The Hypertension Clinic was established in 1990 by cardiologist Frans Leenen, MD, PhD, to see patients requiring diagnosis, treatment and/or management of high blood pressure. Patients with very low blood pressure are also seen at the clinic. Nephrologist Marcel Ruzicka, MD, PhD, (specializing in kidney-related hypertension) joined the clinic in 2002. Referrals are made by family physicians and other specialists.
What to Expect
Your initial appointment will last approximately 1.5 to two hours. During this first visit, the clinical nurse will measure your height, weight and abdominal circumference. The size of your arms will also be measured. This is to ensure that the proper cuff size is used when measuring your blood pressure. If the cuff is too small, the readings will be higher than the true measurement. This is very important because many people have larger arm sizes.
Blood pressure measurements will also be taken in both arms while you are seated, not talking and alone in the room. In some people, one arm may have a higher reading. If so, the nurse will indicate that you should use that arm for future blood pressure measurements. Standing blood pressures will also be taken.
Your thorough medical history will be documented, including any current and past hypertension medications you have used and possible side effects. You are asked to bring all your current medications in their original containers to your appointment.
The accuracy of your home blood pressure machine can also be tested at this time.
The doctor will then conduct a brief physical and discuss a plan of action for your treatment. Appointments will be made for possible diagnostic tests to assess your heart and/or kidneys, and a follow-up appointment is usually booked.
Common tests that may be ordered to help your doctor diagnose hypertension include:
- Blood tests to measure your electrolytes, blood sugar, lipids, and kidney function
- A urinalysis to detect blood, sugar or protein in your urine
- An electrocardiogram (ECG) or echocardiogram (ultrasound of the heart) to check for evidence of a previous heart attack or for damage to your heart from high blood pressure
- Kidney tests such as abdominal ultrasound, CT scan and renal angiogram
- 24-hour ambulatory blood pressure monitoring automatically reads your blood pressure every 20 to 20 minutes to better assess changes throughout the day and your risk for future cardiovascular disease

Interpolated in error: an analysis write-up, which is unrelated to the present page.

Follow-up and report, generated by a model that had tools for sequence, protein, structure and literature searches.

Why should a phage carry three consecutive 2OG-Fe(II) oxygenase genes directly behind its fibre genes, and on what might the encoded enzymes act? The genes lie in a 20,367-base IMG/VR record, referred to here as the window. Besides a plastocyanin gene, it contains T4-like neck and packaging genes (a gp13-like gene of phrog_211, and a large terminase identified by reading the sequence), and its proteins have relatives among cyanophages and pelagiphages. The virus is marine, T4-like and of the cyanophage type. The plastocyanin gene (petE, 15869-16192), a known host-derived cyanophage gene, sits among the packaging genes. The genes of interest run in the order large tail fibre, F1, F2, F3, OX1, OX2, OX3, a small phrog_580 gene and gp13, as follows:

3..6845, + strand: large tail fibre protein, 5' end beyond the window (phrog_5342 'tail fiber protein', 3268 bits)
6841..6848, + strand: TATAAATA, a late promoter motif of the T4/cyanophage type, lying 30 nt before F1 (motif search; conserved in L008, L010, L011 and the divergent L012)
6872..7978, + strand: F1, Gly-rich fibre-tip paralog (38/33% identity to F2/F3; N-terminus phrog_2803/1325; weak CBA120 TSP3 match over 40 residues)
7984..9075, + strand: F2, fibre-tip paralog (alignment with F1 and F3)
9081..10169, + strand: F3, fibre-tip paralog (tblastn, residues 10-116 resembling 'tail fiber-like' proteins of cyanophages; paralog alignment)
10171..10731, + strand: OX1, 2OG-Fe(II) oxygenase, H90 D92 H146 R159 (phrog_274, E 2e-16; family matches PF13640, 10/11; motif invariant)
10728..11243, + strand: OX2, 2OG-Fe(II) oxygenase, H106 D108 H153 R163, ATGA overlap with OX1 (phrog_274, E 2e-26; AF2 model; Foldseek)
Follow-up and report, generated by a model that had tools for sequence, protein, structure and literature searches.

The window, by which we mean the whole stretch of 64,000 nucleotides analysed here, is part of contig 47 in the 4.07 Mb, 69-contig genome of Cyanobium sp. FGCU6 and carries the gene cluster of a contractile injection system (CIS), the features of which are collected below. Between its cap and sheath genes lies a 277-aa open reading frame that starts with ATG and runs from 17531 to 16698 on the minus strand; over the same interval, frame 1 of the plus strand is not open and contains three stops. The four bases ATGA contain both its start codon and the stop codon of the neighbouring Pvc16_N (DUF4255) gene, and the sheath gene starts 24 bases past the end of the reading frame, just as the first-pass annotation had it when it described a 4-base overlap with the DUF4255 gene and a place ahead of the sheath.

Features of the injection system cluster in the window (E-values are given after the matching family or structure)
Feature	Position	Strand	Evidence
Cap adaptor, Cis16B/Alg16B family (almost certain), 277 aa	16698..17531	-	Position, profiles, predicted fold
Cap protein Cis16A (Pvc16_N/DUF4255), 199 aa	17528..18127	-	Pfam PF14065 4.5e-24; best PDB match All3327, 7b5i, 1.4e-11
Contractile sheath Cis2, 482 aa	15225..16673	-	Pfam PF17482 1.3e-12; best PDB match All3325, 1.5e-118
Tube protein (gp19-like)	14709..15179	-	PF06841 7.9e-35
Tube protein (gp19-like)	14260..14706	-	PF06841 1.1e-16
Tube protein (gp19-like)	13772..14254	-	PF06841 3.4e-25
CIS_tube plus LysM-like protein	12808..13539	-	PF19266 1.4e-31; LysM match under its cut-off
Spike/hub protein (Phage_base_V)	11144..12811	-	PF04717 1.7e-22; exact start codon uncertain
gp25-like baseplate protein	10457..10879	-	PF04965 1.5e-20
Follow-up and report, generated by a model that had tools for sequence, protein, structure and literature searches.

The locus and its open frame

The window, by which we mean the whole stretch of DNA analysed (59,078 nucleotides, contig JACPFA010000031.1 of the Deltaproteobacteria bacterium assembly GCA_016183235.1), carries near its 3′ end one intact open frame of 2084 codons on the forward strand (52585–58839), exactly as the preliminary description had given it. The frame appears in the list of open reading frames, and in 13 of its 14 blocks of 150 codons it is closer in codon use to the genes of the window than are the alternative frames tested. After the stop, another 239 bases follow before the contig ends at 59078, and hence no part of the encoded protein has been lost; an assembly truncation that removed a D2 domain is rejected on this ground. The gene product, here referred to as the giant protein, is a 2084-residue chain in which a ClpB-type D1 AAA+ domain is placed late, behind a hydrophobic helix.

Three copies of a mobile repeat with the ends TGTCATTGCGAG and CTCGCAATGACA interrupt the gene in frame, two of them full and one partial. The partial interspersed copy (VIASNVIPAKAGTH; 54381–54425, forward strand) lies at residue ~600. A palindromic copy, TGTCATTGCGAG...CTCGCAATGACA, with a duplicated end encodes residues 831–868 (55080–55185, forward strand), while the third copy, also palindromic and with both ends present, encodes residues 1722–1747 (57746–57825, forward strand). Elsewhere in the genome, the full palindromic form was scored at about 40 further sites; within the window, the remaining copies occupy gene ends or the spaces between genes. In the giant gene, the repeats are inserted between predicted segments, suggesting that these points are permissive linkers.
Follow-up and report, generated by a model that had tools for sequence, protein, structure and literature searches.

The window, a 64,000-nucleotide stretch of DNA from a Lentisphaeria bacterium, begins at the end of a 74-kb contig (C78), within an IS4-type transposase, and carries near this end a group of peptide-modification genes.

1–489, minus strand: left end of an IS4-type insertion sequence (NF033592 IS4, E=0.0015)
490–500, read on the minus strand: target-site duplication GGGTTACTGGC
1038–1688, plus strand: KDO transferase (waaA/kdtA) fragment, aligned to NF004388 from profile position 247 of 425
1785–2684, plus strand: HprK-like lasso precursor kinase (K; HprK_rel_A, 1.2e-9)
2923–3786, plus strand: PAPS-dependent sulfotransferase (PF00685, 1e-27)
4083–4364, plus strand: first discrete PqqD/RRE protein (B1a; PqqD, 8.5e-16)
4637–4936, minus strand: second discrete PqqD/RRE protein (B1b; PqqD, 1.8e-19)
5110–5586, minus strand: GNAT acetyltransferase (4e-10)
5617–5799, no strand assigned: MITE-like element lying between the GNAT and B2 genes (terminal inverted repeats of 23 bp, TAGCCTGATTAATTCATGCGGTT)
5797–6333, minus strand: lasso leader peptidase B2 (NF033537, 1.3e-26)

At follow-up visits, your blood pressure and body weight will be measured, results of tests will b reviewed and lifestyle changes will be discussed. Medications will be added or modified as required.
Home Blood Pressure Monitoring
Before a diagnosis of high blood pressure is made, you may be asked to measure your blood pressure at home.
- Sit in a quiet room alone with no distractions, back supported comfortably and feet flat on the floor. Three readings with one to two minutes between readings should then be done with your arm supported at heart level on a table or a pillow.
- This should be done for several days. Bring the list of the second and third readings brought to your next appointment.
- Recommended times for measurements are 10:00 a.m. and 3:00 to 4:00 p.m. If possible, try to measure your blood pressure at work.
Once the diagnosis is confirmed, you may be asked to take blood pressure measurements two to three times a week to assess the effects of treatment.
For home blood pressure machines, we advise using either Omron or Life Source equipment. We recommend that you buy an arm cuff model and avoid the wrist models, as they tend not to be accurate. It is important to note that you need to buy the proper size cuff, especially if you have big arms.
Factors that May Increase Blood Pressure
It is advisable not to measure blood pressure under these circumstances:
- Pain, cold, stress and anxiety
- Full bladder or bowel
- Smoking (wait a minimum of 30 minutes before taking readings)
- Coffee (wait a minimum of 30 minutes before taking readings)
- Showering or bathing (wait a minimum of 30 minutes before taking readings)
- Use of some over-the-counter medications (particularly non-steroidal anti-inflammatories (NSAIDs such as Advil/Ibuprofen, Aleve/Naproxen and Celebrex)